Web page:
Building a better community

Kelly Byer

Although community tension is nothing new, recent attempts at reconciling the city and campus might be making an impact.

“As a result of more conversation, more dialogue, more working together by city and university, we’re really overcoming a tremendous amount of issues that were problems before,” University Police Chief John Peach said.

Trust between the city and university police departments has improved, and Peach said police established a protocol last year of referring off-campus misconduct to Judicial Affairs.

At the start of next year, Peach said a joint patrol is planned for areas near campus that are primarily student housing. The patrol will begin on a trial basis because it would require additional officers, and the departments will determine if the investment is worthwhile.

“We want to be working as a team, the city and the university, to make the residence stronger, more vibrant and more attractive,” Peach said. “Conduct has a lot to do with that.”

Joel Coll, senior flight technology major, said one question is what defines disorderly conduct because it could mean one thing to students and another to police.

Police look at public intoxication and resulting actions like spitting, insulting or fighting as examples of unacceptable behavior, Lt. Jayme Cole of the Kent Police Department said.

“There’s seven or so subsections of disorderly conduct, but it really comes down to common sense in that, if you are behaving in a manner that impacts your neighbor or other people in the crowd negatively, then you’re being disorderly,” Cole said.

Peach said student mentality has changed slightly in recent years, with a college attitude that certain behaviors are OK if they don’t hurt anyone.

“From my perspective, there’s a higher sense of entitlement,” he said.

Peach said people don’t think they have to deal with consequences because they don’t see the harm of their actions.

“There was a time when people knew that if they were doing something wrong and they knew the police were coming, they would stop or be out of there,” he said. “Now it’s not so usual. Now they just wait, especially if there’s numbers of them, and confront the police.”

But Peach said problems related to student drinking, such as noise and misconduct, disturb families with children or the elderly. He said students should imagine living next to people who disrespect their peace or security.

“We try to think that we’d be civil neighbors and be able to be tolerant at the same time, but when there’s such excessive behavior that is well below civil standards and violating the law, you can’t expect the citizens of Kent to be tolerant,” he said.

Regardless of the challenges posed when large groups gather at parties, Cole said the goal is still keeping people safe.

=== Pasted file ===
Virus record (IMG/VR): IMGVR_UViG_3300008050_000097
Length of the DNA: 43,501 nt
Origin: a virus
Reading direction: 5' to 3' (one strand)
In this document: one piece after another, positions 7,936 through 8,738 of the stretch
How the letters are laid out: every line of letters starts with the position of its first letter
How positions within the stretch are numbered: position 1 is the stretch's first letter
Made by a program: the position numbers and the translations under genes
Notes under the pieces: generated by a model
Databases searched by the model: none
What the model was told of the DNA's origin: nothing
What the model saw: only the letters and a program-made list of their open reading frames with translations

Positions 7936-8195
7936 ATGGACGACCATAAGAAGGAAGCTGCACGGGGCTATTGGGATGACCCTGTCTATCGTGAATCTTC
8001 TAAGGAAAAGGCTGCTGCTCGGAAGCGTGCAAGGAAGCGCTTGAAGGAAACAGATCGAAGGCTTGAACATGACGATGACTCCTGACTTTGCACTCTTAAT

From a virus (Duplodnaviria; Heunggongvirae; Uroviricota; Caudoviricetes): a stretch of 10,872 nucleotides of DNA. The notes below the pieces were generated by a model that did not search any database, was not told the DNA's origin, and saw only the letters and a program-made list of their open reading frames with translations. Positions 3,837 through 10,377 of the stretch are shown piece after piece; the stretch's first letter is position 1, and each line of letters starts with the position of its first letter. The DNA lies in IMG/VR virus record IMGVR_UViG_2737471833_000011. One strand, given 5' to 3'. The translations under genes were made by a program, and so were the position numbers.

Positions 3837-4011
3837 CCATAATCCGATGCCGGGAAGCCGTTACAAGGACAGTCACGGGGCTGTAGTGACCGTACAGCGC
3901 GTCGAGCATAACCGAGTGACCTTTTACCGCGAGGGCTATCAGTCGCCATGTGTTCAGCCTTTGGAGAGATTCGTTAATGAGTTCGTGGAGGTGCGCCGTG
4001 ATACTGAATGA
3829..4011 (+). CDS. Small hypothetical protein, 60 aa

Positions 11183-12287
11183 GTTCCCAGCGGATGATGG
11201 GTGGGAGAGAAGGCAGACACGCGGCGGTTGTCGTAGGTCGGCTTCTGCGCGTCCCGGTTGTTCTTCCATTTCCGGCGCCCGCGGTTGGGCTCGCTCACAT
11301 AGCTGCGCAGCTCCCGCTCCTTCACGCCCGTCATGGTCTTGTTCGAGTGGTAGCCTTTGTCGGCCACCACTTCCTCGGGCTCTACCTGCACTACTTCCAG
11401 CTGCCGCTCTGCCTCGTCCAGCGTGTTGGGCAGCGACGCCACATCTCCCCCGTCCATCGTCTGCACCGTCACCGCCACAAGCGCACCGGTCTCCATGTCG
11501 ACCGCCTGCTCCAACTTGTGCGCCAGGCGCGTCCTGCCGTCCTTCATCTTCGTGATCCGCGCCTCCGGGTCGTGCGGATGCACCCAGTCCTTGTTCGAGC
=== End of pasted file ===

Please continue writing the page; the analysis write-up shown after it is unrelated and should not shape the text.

“We don’t get to pick and chose who we protect, nor would we want to,” he said.

Students as a group, Cole said, don’t typically react differently to law enforcement than the general population.

“It doesn’t matter if a person dealing with law enforcement is a student or not, nobody likes having enforcement action taken against them,” Cole said.

Sophomore pharmacy major Tom Barracato said some students could have a better relationship with police, but in general, the relationship is satisfactory.

“The students respect the police; police respect some of the students,” Barracato said. “I mean, unless they know you by name almost.”

Dominic Gatti, graduate student in cultural anthropology, said relations could improve if police were more approachable. He said the majority are condescending.

“That’s the way they portray themselves,” Gatti said.

Cole said the relationship between city police and students is nonexistent because of a high turnover rate and lack of interest.

“There is a new batch of students every year, in and out,” he said. “And there isn’t the time, nor I believe the desire on the part of the students, to have a relationship with the police.”

Cole said both are two big, diverse groups unlikely to form a relationship.

“You tell me what a relationship between those two groups looks like, and if there’s something worthwhile to be had out of trying that,” Cole said. “We’re certainly interested in making this a better place. It’s a feel-good topic, but the reality is that you’re talking about concepts and not something that is a reality now, or likely to be one.”

Sophomore biotechnology major Alyssa Johnston said she thinks every group has its good and bad.

“I think it’s kind of ingrained in everyone like cats and dogs that the college students aren’t going to get along with the police, and the police are like, ‘Oh, it’s just these stupid college students and all they want to do is drink,'” Johnston said.

But Peach said he thinks a better relationship between communities, police and students is possible. He said they are working toward building character, which is part of creating a good neighborhood.

“I think the relationship between the city and the university is very good now,” Peach said. “It can always improve, and that’s to be understood, but as to where it was two years ago versus where it is now, it is extraordinarily improved.”

Contact enterprise reporter Kelly Byer at [email protected].